A Houthi fighter holds a rifle with a sticker portraying Ahmed Ali Abdulah Saleh, the eldest son of Yemen's former president Ali Abdullah Saleh
A Houthi fighter holds a rifle with a sticker portraying Ahmed Ali Abdulah Saleh, the eldest son of Yemen's former presidentReuters

When the Houthi rebels piled out of their heartlands in the north-west of Yemento seize the capital of Sana'a, few except the most informed Yemen-watchers knew much about the powerful tribesmen who subscribe to a branch of Shia Islam known as Zaidism.

But the Zaidis are no small sect - they make up one third of the population of Yemen and ruled and north of the country for 1,000 years until the early 1960s. Hussein Badr al-Din al-Houthi, the head of the rebel movement and its Saada province heartland, led an uprising in 2004 and has long sought to protect his clan from what some Shias see as an encroachment by Sunni groups.

It was the rise of al-Qaeda in the Arabian Peninsula and the perception by Al-Houthi that the government of President Abdrabbuh Mansour Hadi was not doing enough to prevent its violent, sectarian views about Zaidi Shias that prompted the Houthis to advance from the north and take Sana'a in 2014. They placed Hadi under arrest and quickly consolidated their rule.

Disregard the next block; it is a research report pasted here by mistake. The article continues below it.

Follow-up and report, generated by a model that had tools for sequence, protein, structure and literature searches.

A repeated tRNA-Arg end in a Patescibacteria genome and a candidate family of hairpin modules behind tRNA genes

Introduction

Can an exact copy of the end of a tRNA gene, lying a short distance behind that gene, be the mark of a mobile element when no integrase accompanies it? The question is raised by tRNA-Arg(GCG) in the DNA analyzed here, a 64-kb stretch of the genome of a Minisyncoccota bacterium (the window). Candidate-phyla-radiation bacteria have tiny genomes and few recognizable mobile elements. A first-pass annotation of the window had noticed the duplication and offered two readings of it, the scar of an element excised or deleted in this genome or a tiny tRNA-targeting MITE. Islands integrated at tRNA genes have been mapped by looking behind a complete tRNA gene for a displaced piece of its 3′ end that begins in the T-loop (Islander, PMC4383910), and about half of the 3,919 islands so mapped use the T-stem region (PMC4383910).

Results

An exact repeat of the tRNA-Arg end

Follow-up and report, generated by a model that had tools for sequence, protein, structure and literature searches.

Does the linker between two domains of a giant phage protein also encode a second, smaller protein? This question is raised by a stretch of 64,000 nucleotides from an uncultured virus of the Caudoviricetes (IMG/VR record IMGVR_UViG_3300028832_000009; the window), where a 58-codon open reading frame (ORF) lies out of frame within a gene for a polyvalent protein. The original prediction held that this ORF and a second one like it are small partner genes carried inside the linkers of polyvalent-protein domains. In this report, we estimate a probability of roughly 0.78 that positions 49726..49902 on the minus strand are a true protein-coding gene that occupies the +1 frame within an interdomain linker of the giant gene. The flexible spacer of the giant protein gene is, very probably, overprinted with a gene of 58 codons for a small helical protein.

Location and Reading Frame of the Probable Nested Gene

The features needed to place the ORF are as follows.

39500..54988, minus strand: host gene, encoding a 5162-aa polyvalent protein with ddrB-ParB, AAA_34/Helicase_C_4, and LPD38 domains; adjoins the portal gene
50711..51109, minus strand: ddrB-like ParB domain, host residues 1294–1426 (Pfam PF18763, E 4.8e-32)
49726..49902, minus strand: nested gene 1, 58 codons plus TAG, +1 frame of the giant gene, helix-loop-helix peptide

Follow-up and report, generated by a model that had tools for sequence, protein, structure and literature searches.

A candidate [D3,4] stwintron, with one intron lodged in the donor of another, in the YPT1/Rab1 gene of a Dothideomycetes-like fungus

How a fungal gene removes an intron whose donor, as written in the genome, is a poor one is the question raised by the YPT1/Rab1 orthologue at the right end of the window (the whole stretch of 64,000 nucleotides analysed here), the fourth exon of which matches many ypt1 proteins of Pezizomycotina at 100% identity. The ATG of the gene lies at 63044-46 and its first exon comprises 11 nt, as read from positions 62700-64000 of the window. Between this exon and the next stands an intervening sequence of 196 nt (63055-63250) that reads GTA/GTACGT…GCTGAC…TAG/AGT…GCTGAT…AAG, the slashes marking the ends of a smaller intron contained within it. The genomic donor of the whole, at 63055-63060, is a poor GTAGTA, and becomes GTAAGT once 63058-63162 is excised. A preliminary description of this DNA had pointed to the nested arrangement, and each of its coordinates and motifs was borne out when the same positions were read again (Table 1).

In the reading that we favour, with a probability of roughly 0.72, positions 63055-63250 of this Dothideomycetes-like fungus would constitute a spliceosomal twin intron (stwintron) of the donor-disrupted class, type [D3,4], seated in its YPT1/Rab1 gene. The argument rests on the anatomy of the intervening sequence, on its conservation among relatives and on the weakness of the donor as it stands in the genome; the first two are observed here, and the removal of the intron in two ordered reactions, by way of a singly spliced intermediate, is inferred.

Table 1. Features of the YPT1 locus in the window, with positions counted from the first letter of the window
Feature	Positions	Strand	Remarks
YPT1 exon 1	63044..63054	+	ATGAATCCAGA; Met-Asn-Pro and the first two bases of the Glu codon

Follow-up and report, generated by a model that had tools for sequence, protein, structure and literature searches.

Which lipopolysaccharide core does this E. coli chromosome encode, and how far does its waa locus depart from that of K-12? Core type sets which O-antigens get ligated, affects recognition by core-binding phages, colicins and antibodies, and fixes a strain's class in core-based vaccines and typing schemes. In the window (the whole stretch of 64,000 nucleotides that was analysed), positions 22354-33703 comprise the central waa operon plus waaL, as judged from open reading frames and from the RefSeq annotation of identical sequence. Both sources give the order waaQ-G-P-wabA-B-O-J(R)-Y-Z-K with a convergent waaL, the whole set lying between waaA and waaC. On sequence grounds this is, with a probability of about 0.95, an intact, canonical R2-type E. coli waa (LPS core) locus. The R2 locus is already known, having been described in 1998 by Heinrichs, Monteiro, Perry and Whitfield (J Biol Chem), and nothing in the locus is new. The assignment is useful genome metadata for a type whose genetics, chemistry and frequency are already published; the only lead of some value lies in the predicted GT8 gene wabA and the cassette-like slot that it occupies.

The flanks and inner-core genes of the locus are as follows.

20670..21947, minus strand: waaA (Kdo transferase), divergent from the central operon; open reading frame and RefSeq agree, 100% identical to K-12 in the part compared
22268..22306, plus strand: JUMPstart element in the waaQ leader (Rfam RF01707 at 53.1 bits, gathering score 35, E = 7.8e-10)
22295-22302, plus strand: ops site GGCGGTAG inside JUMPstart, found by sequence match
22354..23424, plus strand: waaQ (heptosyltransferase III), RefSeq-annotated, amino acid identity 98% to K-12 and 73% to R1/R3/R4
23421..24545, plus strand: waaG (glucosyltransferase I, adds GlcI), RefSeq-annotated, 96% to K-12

But it was also long-held feelings that the government in Sana'a was not sharing the country's resources evenly since the overthrow of Ali Abdullah Saleh, a Zaidi, in 2011. The Houthis hate Hadi – whose head they recently put a $100,000 bounty on – and kept him under house arrest after taking Sana'a in January until he fled in February. Now Hadi is believed to have left Yemen by boat.

"Their beef [was] about having a say in government, representation and some kind of division of the national resources and the economy that Yemen had, oil production for example. The Houthis had been saying it wanted part of that for a long time. The Zaidis have felt for a long time that they were disaffected and ignored," said Robert McFadden, senior vice president at the Soufan Group.

Iranian involvement

The degree to which the Houthis are being funded by Iran is unclear, although most Yemen watchers believe Tehran is funnelling both weapons and military advice to the rebels. Just like its backing of Lebanese militia group Hezbollah, the Houthis make an excellent proxy on the border of Iran's most significant ideological and geopolitical enemy, Saudi Arabia.

But analysts equally see the hand of Saleh behind the Houthi advance, which may also serve to explain why the Houthis have been willing to spread so far from their north-western heartlands.

In the past, Al-Houthi has said he has neither the capacity nor the desire to take the whole of Yemen but Saleh has ruled the country before and would rule it still if not for the 2011 uprising.

McFadden said this explains how the Houthis were able to take Sana'a in the first place, aided by security forces that still support Saleh.

He said: "Ali Abdullah has always been right there, with elements that remain loyal to him. One of the biggest ingredients is that sig elements of security apparatus remain loyal to him. So they provided no resistance when the Houthis pushed into Sana'a."